7. A method as set forth in claim 6 wherein said at least one tuple parameter further comprises selecting said at least one tuple parameter from the group comprising:
a height attribute from said triangulated network,
an intensity from said triangulated network,
a return intensity and using an interpolated return intensity to modulate a classification of a nearby tuple,
a return intensity using a second selected attribute of a nearby tuple.
8. A method as set forth in claim 1 further comprising:
establishing a stereo exaggeration value,
developing a pair of tiled overlapping triangulated networks of said selected region, a first said tiled overlapping triangulated network for a right eye and a second said tiled overlapping triangulated network for a left eye,
interpolating pixel values for said first tiled overlapping triangulated network and pixel values for said second tiled overlapping triangulated network using said stereo exaggeration to shift said first tiled overlapping triangulated network and said second tiled overlapping triangulated network, and,
populating pixels of a right image with shifted interpolated said pixel values for said first tiled overlapping triangulated network and pixels of a left image with shifted interpolated said pixel values for said second tiled overlapping triangulated network to provide a stereo pair of images.
9. A method as set forth in claim 1 wherein said populating at least most of said predetermined data structures with said data obtained at said intersections further comprises:
defining surfaces within triangles of said triangulated network,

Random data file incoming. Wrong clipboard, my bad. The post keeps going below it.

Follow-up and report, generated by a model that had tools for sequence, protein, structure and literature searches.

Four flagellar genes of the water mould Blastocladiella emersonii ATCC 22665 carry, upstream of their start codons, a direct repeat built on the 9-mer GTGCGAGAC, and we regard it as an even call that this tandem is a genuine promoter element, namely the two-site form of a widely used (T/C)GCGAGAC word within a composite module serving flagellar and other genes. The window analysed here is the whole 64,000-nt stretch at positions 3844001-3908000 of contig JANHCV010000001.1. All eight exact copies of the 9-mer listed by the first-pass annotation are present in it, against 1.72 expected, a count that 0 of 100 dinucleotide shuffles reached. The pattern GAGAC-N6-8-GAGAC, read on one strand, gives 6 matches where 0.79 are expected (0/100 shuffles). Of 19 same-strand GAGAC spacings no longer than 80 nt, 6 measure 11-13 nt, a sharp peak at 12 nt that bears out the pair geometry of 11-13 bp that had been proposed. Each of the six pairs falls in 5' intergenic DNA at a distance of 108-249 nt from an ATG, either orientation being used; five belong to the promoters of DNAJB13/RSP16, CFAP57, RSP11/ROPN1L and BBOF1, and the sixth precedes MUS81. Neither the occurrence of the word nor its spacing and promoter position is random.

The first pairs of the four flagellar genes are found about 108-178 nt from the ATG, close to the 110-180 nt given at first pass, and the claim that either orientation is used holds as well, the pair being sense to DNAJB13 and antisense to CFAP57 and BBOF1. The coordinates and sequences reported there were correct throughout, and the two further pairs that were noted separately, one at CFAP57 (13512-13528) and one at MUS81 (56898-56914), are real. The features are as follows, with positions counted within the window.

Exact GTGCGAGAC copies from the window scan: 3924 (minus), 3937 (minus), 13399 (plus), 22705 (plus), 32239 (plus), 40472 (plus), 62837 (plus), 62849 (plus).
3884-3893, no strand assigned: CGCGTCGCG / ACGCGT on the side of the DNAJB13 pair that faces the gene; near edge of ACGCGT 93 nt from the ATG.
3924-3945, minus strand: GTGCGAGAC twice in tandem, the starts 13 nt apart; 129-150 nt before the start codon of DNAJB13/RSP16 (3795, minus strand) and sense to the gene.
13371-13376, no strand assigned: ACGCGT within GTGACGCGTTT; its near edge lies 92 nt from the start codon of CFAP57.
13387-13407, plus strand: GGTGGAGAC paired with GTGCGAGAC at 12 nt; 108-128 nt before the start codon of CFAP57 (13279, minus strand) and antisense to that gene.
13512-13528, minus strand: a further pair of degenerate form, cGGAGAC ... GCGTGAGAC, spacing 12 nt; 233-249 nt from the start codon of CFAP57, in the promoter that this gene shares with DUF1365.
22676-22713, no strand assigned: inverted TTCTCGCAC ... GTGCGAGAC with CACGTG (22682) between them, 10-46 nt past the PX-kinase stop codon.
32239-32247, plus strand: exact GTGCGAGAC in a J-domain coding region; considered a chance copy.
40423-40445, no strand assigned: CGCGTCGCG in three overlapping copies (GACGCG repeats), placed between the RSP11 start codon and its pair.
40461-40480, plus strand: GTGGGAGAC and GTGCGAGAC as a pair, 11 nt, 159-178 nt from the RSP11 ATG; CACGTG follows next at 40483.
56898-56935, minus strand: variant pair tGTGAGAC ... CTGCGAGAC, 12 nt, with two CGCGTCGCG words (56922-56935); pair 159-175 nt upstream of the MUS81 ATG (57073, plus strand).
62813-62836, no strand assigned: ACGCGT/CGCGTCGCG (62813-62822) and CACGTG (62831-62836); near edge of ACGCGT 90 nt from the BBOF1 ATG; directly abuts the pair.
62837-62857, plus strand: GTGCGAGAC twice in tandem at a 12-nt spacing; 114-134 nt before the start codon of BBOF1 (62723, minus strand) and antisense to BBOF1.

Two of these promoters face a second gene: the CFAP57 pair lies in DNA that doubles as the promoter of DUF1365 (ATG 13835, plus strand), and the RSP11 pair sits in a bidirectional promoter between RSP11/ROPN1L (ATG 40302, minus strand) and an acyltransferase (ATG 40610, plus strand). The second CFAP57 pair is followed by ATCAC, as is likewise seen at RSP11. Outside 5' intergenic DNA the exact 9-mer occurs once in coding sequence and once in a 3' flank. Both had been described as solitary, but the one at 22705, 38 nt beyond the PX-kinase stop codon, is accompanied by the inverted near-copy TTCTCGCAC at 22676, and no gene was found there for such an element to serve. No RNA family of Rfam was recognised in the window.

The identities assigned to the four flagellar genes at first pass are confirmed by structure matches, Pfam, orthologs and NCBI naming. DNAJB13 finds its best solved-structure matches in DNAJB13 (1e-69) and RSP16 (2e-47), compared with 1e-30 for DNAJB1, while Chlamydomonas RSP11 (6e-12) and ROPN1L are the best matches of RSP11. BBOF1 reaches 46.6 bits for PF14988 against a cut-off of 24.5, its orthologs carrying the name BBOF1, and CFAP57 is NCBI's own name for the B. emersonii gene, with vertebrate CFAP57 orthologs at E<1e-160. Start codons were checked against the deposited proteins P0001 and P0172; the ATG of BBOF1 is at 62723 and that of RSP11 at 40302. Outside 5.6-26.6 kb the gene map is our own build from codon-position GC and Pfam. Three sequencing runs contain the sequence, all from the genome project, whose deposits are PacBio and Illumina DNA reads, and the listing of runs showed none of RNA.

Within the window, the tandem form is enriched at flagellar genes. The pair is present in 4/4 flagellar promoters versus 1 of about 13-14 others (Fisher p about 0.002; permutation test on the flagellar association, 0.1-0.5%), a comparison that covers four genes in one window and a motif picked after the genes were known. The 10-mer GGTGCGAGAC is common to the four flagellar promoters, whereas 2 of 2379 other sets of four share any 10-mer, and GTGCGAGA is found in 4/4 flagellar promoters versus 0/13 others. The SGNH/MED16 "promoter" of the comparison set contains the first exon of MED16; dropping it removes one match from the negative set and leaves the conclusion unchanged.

extrapolating from said surfaces at said intersections to obtain said data for populating said predetermined data structures.
10. A method as set forth in claim 9 further comprising introducing a parallex parameter in interpolated said tuple data for developing a pair of stereo images that provide stereoscopic viewing.
11. A method as set forth in claim 1 wherein said display is a raster image comprising pixels.
12. A method as set forth in claim 11 further comprising associating said pixels of said raster image with respective said intersections, and computing values of each pixel of said pixels using a populated said predetermined data structure of a respective said intersection based upon said tuple data.
13. A method as set forth in claim 11 further comprising selecting said desired spatial frequency of said intersections to be similar to or the same as spacing of said pixels of said raster image.
14. A method a set forth in claim 11 further comprising associating said pixels of said raster image with respective said intersections until at least most of said pixels are assigned a value based on a populated said data structure of respective said intersections.